Looking, Listening, and Analyzing

So, for this assignment, I’ll be examining This Scene from the movie Good Will Hunting, which I have never seen before. Let’s start!


The clip begins with Robin Williams in the center of the shot, and spends a long time just focused on him as he speaks. Then it very subtly begins panning/turning to the left, so that Williams is just to the right of the center, in that area which I believe Ebert calls “the strong axis”. After spending sometime in that position, it begins zooming out and panning/turning left further, to have Matt Damon’s profile in the foreground (though the focus is still set on Williams).

Then the scene cuts to the other side of Williams, focusing now on Damon (though he doesn’t speak, and Williams continues to), before switching back to the previous position. Back again (Damon still not speaking, Williams continuing to). And back again. Again (it appears as if no one speaks now), and then back to Williams, who gets up and leaves. The camera pans to show more of Damon’s face and moves focus onto him.

The background is blurred extensively, with a sort of bokeh effect, which I’ve always considered to be ethereal or calming in a way. The lighting is not harsh, but well-lit, portraying what is possibly an emotional or enlightening scene.


Williams is speaking to Damon (who is saying things quietly in response, one-word responses mostly). There is background noise of cars, wind, birds. Williams is basically monologuing, with pauses for Damon to respond, but he doesn’t. There are dogs barking and voices far off, indicating a park. Williams is speaking AT Damon, who does not speak back, even when questioned. His tone is accusatory, angered, but he is not yelling.

Music kicks in, instrumental music. I can’t quite make out the tone. It feels enlightening? Or saddening.

I wonder if perhaps listening before looking would be better (at least for me), as I can picture in my mind what is happening, and so it is not a purely separate experience for analyzing the audio.


When I watched the video alone, I assumed Williams was giving a very motivational or touching speech, and so I assumed the clip would be completely cheerful, or at least have a positive tone to it. Listening to the audio alone, I became aware of how harsh Williams’ words were, and how negative his feelings were towards Damon. But putting the two things together, the clip is not overwhelmingly negative, and it has an edge to it that cannot be felt in just observing the scene without audio. It balances out to create a scene that is both pleasant and sad.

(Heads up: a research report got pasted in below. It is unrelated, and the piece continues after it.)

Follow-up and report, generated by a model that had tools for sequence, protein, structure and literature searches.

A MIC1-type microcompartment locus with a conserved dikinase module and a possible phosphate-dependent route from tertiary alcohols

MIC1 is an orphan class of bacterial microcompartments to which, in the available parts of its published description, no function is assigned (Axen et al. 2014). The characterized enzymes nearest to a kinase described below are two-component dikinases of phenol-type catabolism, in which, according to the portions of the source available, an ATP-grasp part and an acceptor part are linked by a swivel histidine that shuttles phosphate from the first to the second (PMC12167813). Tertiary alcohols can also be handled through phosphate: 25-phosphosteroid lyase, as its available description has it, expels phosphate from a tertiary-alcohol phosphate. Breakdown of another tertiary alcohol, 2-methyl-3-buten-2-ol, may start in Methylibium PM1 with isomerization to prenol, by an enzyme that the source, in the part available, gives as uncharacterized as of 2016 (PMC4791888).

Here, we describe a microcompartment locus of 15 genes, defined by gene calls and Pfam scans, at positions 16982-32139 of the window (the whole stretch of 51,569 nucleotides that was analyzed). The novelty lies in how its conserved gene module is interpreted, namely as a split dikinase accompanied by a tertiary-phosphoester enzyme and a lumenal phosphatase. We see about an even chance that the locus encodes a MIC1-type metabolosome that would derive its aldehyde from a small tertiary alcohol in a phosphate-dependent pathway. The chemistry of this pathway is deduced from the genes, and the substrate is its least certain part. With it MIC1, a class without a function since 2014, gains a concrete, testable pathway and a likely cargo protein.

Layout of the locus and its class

It also allowed for a better understanding of those silent moments, which occur with Matt Damon, who does not say anything at most points. With the video alone, we can only see his expressions, but cannot understand his reasons for looking such. With the audio, we cannot imagine how he is appearing, as he is simply silent. When put together, Damon’s character is fuller, even if he is completely silent in the scene.

I could also get a better understanding of why Williams’ character is moved to the left of the screen, after moving to the strong axis, as he is suddenly taking on these completely negative feelings and ideas. It’s an extremely cohesive scene when it is put together, though it cannot be fully understood with just single elements.

3 thoughts on “Looking, Listening, and Analyzing

  1. Pretty good analysis of the scene; I still have to do mine and you give me a good idea where to focus. I think the audio and video compliment each other. There is a saying A picture is worth more than a 1000 words however, a picture can be misunderstood and I think it may be the case in this scene. I like your post and the background is pretty nice.

  2. I have never seen this movie either, but I have heard from multiple people that it is a classic. I am telling myself to watch it sometime soon, whether or not I do watch it remains to be seen. Your camera analysis is accurate, the camera is centered on Robin Williams because he is the primary character in the scene and entire movie. The audio is relatively quiet in the background because the director wants the viewers to listen to the dialogue between the characters, that is what is important. #talkingpolack106

  3. Same here with not watching the movie. I think part of the somberness that comes from the scene is the fact that Williams is almost always looking down. There is a brief point where he looks up, but for the most part he is looking at the ground, which without audio, is often the actions of a man whose words echo towards himself.

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